I won't pack both hunting, but scouting I might. No rifle, no ammo, etc means less weight I have to carry scouting so maybe the 80mm spotter will make it into my pack. I'll also probably be spending more time seeing and judging animals since the muleys will likely still be in velvet, higher up and more visible. Hopefully I'll spot several bucks I can go back and look for nearby during the hunt. I try to be realistic as a non resident hunter with limited scouting and hunting days, if I see an older looking buck with a good frame during season I'm going after him. I'm less concerned with how low he forks, brow tines, etc and more concerned with just taking a mature animal no matter if he is a 3x3 or 5x5. That is a big challenge in itself, they don't get mature by being dumb and a pretty high bar I try to achieve. That said I still dream of taking a big buck so I want to be hunting where the best ones I found scouting live.

    It the tag has a point restriction it changes things and I'm more likely to pack a bigger spotter to better judge racks at long distance.

  10. #7
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    I have the swarov 10x 50 SLC.
    JUST MY OPINION BUT IF YOU PLAN on packing a spotter also,anyhow any thing bigger is overkill.

    just my opinion ,no more ,no less.
    AS GOES THE CHURCH, SO GOES THE NATION

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  12. #8
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    That's similar to the set-up I use hunting a lot of the time. Spotter and Leica 10x42's. Works darn good, I'm not arguing with you. Sometimes though if I'm going to be spending a lot of time looking a long way the 15x binos off the tripod give me way less eyestrain than a spotter. The 10x off the tripod are very good too, just not quite what the 15's are. The spotter is great for evaluating game I already spotted but I like to avoid using it to spot game if I can.

    Scouting when the deer are in velvet and more visible I'll be where I can see further than I usually am during a high pressure October rifle season. During gun season I spend more time looking at pockets in timber, smaller secluded cuts or canyons, not just big open areas where the 15x really work. Hopefully by season I have an idea where a big buck lives and I'm trying to just watch his area hoping to see him make a mistake. Watching less country than scouting.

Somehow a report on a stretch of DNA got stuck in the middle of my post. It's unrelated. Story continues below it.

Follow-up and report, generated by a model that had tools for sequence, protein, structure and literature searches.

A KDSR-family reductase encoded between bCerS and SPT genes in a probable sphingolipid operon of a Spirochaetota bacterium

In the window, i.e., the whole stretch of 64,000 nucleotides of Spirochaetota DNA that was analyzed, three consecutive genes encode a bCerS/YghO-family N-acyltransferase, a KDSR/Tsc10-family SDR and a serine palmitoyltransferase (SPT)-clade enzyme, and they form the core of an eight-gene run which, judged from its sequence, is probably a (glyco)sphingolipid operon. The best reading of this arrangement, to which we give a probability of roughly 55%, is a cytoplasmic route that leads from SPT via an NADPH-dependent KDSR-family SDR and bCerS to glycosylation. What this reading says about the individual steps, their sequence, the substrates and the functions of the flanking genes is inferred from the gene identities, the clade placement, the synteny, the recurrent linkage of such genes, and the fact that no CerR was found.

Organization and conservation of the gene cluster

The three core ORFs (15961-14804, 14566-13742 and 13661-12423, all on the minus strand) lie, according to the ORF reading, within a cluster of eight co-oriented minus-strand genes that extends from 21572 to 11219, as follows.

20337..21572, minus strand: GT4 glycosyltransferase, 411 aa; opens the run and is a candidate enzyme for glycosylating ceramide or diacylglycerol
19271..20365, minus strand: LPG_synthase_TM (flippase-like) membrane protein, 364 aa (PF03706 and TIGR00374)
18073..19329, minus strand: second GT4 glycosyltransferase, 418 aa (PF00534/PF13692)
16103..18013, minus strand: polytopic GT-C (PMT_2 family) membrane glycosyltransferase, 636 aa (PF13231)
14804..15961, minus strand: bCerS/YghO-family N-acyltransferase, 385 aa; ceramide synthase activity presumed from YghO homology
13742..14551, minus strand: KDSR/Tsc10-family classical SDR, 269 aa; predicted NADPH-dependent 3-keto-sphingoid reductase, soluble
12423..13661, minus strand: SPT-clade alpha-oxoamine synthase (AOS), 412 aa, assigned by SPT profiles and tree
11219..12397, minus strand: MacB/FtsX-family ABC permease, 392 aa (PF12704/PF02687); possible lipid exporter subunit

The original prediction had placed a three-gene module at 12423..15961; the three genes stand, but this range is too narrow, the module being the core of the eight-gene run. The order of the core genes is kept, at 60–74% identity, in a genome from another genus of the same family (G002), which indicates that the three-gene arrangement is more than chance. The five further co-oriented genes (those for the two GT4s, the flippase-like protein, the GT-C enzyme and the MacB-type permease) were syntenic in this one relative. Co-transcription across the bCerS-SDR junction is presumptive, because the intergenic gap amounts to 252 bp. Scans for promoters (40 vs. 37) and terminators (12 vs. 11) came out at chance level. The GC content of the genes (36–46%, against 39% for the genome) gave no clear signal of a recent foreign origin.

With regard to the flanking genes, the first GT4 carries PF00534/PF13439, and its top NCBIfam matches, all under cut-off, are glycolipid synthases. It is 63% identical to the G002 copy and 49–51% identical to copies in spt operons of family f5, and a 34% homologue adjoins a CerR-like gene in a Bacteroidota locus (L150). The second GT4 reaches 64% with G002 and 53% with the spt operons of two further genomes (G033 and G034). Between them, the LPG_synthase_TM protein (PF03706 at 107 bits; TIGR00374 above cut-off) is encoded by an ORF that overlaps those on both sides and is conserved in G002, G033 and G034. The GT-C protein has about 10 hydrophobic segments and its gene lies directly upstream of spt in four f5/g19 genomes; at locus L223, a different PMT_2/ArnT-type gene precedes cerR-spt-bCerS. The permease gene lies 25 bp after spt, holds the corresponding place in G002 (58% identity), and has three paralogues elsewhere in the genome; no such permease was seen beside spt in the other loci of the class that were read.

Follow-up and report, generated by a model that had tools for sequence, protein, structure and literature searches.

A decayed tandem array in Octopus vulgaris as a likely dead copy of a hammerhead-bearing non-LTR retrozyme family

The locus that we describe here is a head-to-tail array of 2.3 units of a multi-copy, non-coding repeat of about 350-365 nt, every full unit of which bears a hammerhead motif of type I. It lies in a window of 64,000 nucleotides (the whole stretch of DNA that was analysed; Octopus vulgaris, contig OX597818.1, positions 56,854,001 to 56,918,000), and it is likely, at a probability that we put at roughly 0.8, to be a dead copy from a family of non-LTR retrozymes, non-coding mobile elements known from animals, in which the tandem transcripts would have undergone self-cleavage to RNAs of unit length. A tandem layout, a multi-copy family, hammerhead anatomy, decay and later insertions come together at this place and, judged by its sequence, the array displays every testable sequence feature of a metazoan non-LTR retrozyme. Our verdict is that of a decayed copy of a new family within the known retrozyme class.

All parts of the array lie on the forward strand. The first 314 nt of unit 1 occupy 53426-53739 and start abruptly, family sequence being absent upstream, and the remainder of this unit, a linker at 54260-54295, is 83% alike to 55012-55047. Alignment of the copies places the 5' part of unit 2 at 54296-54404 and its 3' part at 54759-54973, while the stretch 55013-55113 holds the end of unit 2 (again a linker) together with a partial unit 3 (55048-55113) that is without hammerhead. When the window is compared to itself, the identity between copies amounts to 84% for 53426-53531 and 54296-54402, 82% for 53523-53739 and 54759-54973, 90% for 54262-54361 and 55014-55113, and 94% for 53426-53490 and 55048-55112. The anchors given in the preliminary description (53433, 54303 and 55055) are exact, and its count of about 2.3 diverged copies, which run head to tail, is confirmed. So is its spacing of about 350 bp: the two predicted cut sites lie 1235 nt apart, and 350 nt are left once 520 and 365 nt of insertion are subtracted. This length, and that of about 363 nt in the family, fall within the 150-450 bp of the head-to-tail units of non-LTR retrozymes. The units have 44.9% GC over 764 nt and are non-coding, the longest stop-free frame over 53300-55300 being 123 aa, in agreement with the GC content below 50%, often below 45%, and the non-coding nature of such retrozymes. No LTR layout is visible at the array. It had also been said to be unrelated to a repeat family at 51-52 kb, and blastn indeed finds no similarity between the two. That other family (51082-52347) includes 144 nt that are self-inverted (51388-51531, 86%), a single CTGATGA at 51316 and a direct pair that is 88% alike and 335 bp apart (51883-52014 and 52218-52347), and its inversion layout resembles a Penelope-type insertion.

The plan for the scouting trip, and maybe for some more hunts in the future is for the guy I'm going with to pack his 8x42's and his Swaro STS80 spotter. He is color blind and good at spotting movement but not at picking game out if it's hidden. When we are sitting together I can hopefully find more game with the 15x binos off the tripod and then we can use his spotter to zoom it in. I'll probably pack a spotter too for when we split up morning and night to look over more area. During the rest of the day we will be learning country as much as looking for deer, probably driving a lot the first day at least just learning the access and overall terrain. Once we get a better idea of the big picture we'll head in to the spots that show the most promise to get a better look.

  13. #9
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    FHF gear has a great bio harness set up. Definitely worth a look.

  14. #10
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    Quote Originally Posted by Mark View Post
    FHF gear has a great bio harness set up. Definitely worth a look.
    I actually ordered that one a little while ago. Thanks!